What do dentists do?


Michael Watson looks at the training of dentists

Michael Watson highlights how dentists’ training has changed over the years and how it may need to change in the future.

What do dentists do?

That wasn’t the title of last week’s BDA anniversary lecture by Professor Jimmy Steele, but it was a theme that ran throughout.

Like every good lecturer it was not only what he said, the way he illuminated the usually dull subject of epidemiology, but it was also making his audience think about the subject.

Professor Steele reminded us that the dentistry he was taught as a student in the 1980s was very different from the dentistry that he now taught his students.

Dental students have to be taught to treat the conditions that they will encounter in their future professional life.

Training for the future

I went up to Guys Hospital in October 1960, a full 20 years before Jimmy Steele and 50 years before the students who will qualify this year, who might themselves still be practising in 2060, 100 years after I started.

As Professor Steele pointed out, back in the 1960s we were still in the midst of what he described as a ‘caries epidemic’ brought on by the influx of cheap sugar in the 18th and 19th centuries.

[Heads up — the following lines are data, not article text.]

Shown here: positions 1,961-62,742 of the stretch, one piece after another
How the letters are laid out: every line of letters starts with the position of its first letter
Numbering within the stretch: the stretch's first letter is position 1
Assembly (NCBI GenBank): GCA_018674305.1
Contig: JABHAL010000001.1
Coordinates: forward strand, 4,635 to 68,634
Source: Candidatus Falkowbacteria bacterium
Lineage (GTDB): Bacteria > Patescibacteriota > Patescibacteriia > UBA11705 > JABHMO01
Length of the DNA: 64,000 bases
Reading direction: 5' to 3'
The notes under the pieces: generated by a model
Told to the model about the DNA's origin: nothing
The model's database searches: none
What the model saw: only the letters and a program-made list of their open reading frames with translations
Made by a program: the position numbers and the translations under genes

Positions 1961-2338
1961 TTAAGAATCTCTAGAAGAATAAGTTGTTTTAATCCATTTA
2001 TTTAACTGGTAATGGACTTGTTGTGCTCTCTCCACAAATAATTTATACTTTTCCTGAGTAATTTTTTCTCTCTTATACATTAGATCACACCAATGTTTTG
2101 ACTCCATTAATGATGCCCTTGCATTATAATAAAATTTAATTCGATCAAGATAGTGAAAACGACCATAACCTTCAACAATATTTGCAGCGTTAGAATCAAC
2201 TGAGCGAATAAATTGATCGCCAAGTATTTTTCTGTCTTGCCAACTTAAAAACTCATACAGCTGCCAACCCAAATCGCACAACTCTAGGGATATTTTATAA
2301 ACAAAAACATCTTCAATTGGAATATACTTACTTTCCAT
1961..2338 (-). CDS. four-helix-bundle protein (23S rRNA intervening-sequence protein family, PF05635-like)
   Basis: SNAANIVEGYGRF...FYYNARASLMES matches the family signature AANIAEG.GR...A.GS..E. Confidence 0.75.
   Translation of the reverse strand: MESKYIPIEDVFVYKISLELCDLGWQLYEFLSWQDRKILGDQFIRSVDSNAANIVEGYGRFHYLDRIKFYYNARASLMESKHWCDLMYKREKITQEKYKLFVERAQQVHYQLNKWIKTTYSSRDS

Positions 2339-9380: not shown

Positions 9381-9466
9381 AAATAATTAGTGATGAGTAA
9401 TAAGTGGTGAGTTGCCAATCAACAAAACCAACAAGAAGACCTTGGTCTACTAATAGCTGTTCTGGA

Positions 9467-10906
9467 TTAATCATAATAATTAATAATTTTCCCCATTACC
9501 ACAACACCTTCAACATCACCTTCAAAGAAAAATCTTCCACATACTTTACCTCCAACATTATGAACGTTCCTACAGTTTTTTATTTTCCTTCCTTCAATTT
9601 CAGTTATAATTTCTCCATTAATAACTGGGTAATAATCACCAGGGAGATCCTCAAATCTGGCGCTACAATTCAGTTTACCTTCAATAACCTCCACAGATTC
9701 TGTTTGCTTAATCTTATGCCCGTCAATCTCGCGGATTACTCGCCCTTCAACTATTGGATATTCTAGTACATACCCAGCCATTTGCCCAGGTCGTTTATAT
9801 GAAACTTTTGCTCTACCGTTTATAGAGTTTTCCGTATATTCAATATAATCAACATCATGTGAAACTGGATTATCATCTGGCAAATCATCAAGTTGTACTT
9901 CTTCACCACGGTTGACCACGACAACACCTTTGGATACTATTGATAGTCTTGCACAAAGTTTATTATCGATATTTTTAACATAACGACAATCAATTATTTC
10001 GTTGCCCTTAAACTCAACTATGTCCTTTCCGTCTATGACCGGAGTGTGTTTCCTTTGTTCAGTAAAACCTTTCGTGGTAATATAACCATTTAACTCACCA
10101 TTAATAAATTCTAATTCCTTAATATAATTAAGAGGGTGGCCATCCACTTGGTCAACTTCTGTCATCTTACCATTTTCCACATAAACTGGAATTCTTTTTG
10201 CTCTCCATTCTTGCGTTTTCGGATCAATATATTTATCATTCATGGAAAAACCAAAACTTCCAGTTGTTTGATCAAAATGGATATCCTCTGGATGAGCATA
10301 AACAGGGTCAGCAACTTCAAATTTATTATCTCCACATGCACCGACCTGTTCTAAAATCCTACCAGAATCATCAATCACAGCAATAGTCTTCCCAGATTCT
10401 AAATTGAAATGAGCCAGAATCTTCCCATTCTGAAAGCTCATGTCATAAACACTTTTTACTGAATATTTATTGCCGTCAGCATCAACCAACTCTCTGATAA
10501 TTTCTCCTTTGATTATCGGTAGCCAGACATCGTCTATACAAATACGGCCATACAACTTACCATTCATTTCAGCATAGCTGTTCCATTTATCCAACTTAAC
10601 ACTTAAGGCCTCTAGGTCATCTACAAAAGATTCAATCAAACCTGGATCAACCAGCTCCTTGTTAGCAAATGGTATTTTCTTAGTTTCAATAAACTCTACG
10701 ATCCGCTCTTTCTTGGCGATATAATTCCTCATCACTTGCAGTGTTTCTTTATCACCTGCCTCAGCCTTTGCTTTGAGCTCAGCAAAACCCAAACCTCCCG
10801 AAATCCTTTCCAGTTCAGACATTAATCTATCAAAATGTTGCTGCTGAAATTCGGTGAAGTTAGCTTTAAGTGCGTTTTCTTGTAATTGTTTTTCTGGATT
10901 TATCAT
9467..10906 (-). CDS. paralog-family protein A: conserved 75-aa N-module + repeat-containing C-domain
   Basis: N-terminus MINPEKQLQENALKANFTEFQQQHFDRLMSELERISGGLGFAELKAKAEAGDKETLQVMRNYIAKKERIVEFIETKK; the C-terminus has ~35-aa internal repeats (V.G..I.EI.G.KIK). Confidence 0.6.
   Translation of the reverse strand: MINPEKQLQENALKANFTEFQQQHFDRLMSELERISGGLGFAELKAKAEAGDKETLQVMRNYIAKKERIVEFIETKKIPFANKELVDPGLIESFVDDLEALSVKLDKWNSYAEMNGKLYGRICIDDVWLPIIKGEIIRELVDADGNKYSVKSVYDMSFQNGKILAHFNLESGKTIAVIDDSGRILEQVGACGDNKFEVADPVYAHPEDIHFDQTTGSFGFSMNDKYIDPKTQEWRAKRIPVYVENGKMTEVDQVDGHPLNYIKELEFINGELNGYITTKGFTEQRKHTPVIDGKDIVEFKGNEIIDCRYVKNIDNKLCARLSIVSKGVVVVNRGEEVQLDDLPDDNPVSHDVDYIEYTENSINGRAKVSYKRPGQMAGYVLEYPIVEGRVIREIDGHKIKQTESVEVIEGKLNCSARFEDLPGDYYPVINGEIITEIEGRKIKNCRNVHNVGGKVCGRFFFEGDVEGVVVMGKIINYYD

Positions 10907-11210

Nearly 40% of my future adult patients would be edentulous, so we spent at least a year learning to make dentures, not just the clinical side but the technical part at a laboratory bench.

We became quite proficient at removing teeth and placing amalgam fillings and silicates (remember them?), because that would be the basis of our work in the future.

To be fair we covered, albeit superficially, most other aspects of dentistry, including more advanced restorative techniques, periodontology and orthodontics.

But the assumption was that most of us would spend most of our working life filling teeth, extracting teeth and making dentures.

It didn’t work out like that, because the epidemiology changed and there were different challenges, with which most of you will be well familiar.

A different approach

In his lecture Professor Steele showed how ‘what dentists do’ had changed, most notably with rampant caries still affecting some children and an aging population who want to keep their teeth.

The dentistry on which the newly qualified is embarking is a world as outlined in Professor Steele’s review of NHS dentistry.

It is very different and likewise the skills dentists need to meet these challenges are very different.

It will also require a very different approach to the delivery of dental care, especially in the NHS.

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